671 F2d 137 Taylor v. A Carlson

671 F.2d 137

Jeffrey Byron TAYLOR, Plaintiff-Appellant,
v.
Norman A. CARLSON, Etc., et al., Defendants-Appellees.

No. 81-1320

Summary Calendar.

United States Court of Appeals,
Fifth Circuit.

March 22, 1982.

Leeper & Priddy, Laurance L. Priddy, Fort Worth, Tex., for plaintiff-appellant.

Anthony W. Vaughn, Asst. U. S. Atty., Fort Worth, Tex., for defendants-appellees.

Appeal from the United States District Court for the Northern District of Texas.

Before CLARK, Chief Judge, REAVLEY and RANDALL, Circuit Judges.

PER CURIAM:

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1

Jeffrey Byron Taylor appeals the dismissal of his suit for damages and contends that the district court erred in holding that he failed to prove that the appellees (Bureau of Prisons officials) wrongfully imprisoned him in violation of 18 U.S.C. § 4163 by incarcerating him beyond the term of his prison sentence. We affirm.

2

This case centers around an unusual sentence. Intending to sentence Taylor under the Youth Corrections Act, 18 U.S.C. § 5010, the sentencing court-a different court from the one which Taylor appeals-sentenced Taylor under 18 U.S.C. § 5010(d) to a definite term of three years. Like the district court, we find the sentence problematic. The sentencing court incorrectly understood 18 U.S.C. § 5010(d) as invoking the Act. Section 5010(d) does not invoke the Act, but merely allows the sentencing court to sentence a youth offender "under any other applicable penalty provision." In effect, § 5010(d) provides for the sentencing of the youth offender as an adult. See Dorszynski v. United States, 418 U.S. 424, 94 S.Ct. 3042, 41 L.Ed.2d 855 (1974). Indeed, the Act only applies to a "committed youth offender," which 18 U.S.C. § 5006(e) defines as "one committed for treatment hereunder to the custody of the Attorney General pursuant to sections 5010(b) and 5010(c)." E.g., 18 U.S.C. § 5011 (treatment of committed youth offenders); 18 U.S.C. § 5015 (placement of committed youth offender); 18 U.S.C. § 5017 (release of committed youth offender). Furthermore, under the Act a definite term of less than six years is not a legal sentence. See 18 U.S.C. § 5010(b), (c); United States v. Jackson, 550 F.2d 830 (2d Cir. 1977); see generally Watts v. Hadden, 651 F.2d 1354, 1356-58 (10th Cir. 1981). The appellees, after noting the unusual sentence, corresponded with the sentencing court in an attempt to inform it that the effect of the sentence imposed would not conform with the sentencing court's intent to commit Taylor under the Act.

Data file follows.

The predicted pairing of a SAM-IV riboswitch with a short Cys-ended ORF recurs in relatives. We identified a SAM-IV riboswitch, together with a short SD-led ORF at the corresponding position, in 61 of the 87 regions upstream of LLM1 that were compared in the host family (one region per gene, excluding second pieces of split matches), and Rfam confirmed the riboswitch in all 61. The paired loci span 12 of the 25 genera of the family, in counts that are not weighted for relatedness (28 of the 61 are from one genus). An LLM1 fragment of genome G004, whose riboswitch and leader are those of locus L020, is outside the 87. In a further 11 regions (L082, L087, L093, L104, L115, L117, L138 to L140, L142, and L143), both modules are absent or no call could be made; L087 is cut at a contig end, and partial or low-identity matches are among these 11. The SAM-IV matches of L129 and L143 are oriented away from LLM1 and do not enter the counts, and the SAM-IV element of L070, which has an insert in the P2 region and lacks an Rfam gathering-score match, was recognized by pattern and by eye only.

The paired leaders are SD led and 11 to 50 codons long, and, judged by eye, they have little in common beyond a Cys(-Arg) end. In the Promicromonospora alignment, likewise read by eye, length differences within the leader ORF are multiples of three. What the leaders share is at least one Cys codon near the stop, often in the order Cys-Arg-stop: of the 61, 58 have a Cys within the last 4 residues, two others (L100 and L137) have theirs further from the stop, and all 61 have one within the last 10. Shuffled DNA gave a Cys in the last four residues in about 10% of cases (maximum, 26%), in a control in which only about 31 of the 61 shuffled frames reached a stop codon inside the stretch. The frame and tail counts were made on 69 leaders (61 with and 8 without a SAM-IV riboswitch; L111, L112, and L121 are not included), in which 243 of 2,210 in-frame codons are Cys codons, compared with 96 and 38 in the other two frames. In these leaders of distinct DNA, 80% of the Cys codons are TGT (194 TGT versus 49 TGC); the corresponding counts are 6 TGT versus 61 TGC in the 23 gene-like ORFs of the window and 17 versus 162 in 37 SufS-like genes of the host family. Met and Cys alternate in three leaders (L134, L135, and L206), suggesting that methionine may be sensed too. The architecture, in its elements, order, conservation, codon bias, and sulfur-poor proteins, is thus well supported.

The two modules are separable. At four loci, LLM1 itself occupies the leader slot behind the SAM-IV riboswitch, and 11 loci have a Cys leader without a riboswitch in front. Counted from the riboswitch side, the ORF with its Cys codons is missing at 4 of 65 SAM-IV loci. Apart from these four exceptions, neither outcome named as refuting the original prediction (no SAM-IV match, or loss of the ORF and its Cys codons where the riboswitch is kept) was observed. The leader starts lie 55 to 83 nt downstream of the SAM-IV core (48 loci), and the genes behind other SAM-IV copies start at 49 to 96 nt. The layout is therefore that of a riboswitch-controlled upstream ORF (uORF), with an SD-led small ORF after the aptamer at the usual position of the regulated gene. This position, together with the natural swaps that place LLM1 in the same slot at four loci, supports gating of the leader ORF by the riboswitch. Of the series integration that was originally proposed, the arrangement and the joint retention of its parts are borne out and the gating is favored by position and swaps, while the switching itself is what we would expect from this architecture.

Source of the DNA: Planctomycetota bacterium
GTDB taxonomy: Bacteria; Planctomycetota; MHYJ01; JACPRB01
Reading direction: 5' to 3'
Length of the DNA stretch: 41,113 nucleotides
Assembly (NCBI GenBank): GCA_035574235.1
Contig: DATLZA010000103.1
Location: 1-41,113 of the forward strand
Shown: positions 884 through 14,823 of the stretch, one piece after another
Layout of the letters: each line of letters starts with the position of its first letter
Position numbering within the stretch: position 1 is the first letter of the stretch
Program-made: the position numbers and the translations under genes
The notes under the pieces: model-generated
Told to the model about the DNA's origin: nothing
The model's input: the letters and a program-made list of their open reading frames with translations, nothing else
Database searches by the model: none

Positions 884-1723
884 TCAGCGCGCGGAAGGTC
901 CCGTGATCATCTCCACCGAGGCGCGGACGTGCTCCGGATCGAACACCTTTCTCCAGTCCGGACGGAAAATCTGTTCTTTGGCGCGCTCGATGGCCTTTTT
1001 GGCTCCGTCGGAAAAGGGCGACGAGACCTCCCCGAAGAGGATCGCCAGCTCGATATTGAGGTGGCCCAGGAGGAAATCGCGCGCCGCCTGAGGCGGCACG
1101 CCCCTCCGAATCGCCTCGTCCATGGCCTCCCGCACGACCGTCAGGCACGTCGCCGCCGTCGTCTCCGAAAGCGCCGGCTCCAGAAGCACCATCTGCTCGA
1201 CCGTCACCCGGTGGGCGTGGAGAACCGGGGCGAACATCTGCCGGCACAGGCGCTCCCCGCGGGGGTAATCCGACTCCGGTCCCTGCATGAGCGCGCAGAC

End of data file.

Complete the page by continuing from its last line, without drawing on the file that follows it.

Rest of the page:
3

Unsuccessful in their attempt to have Taylor resentenced, the appellees sought to comply with the sentencing court's intent to invoke the Act and to put into effect the split sentence imposed under 18 U.S.C. § 3651. The appellees applied the Bureau of Prisons Sentence Computation Manual, section 7617.1 (Sept. 5, 1972; Jan. 29, 1974), which provides a method to calculate mandatory release dates for split sentences where probation has been revoked. The Manual provides: "In all cases, the sentence on revocation will be computed as beginning on the date initially committed to the 'split sentence,' becoming inoperative on the date of release, and resuming on the date recommitted as a probation violator." The defendant who actually computed Taylor's sentence testified without contradiction that this provision applies equally to split sentences under the Youth Corrections Act and adult split sentences.

4

Taylor originally received a three-year split sentence-6 months to serve and 21/2 years probation. He began his initial confinement November 1, 1974, and was released on probation January 23, 1975. Taylor violated the terms of his probation in April, 1976. The sentencing judge thereupon ordered his probation revoked and that he serve the other two and a half years of his original sentence. The time Taylor was free on probation between January 23, 1975, and April 9, 1976, (442 days) is termed by the Bureau "inoperative time." His new release date was calculated according to the sentencing manual, quoted supra, as being three years from November 1, 1974, (his initial date of confinement) minus 76 days credited for time spent in jail prior to his original sentencing, plus 442 days for the inoperative time spent on probation. The 76-day credit and 442-day debit postponed the release date 366 days and resulted in a mandatory release date of November 1, 1978. Taylor was released from prison before that date on orders from the sentencing judge.

5

We agree with the district court's findings that those defendants who actually became involved in the case attempted to resolve the problem caused by the judge's incorrect sentence reasonably and in good faith. First, they followed Bureau of Prison guidelines by corresponding with the sentencing judge in an attempt to have the sentence corrected. After failing in the attempt to get the judge to follow a statutory scheme, the defendants followed the Bureau's Sentence Computation Manual section which governed such a situation. The defendants established their entitlement to qualified immunity based on these good faith actions. Butz v. Economou, 438 U.S. 478, 98 S.Ct. 2894, 57 L.Ed.2d 895 (1978). The plaintiff did not rebut this defense.

The judgment of the district court is

6

AFFIRMED.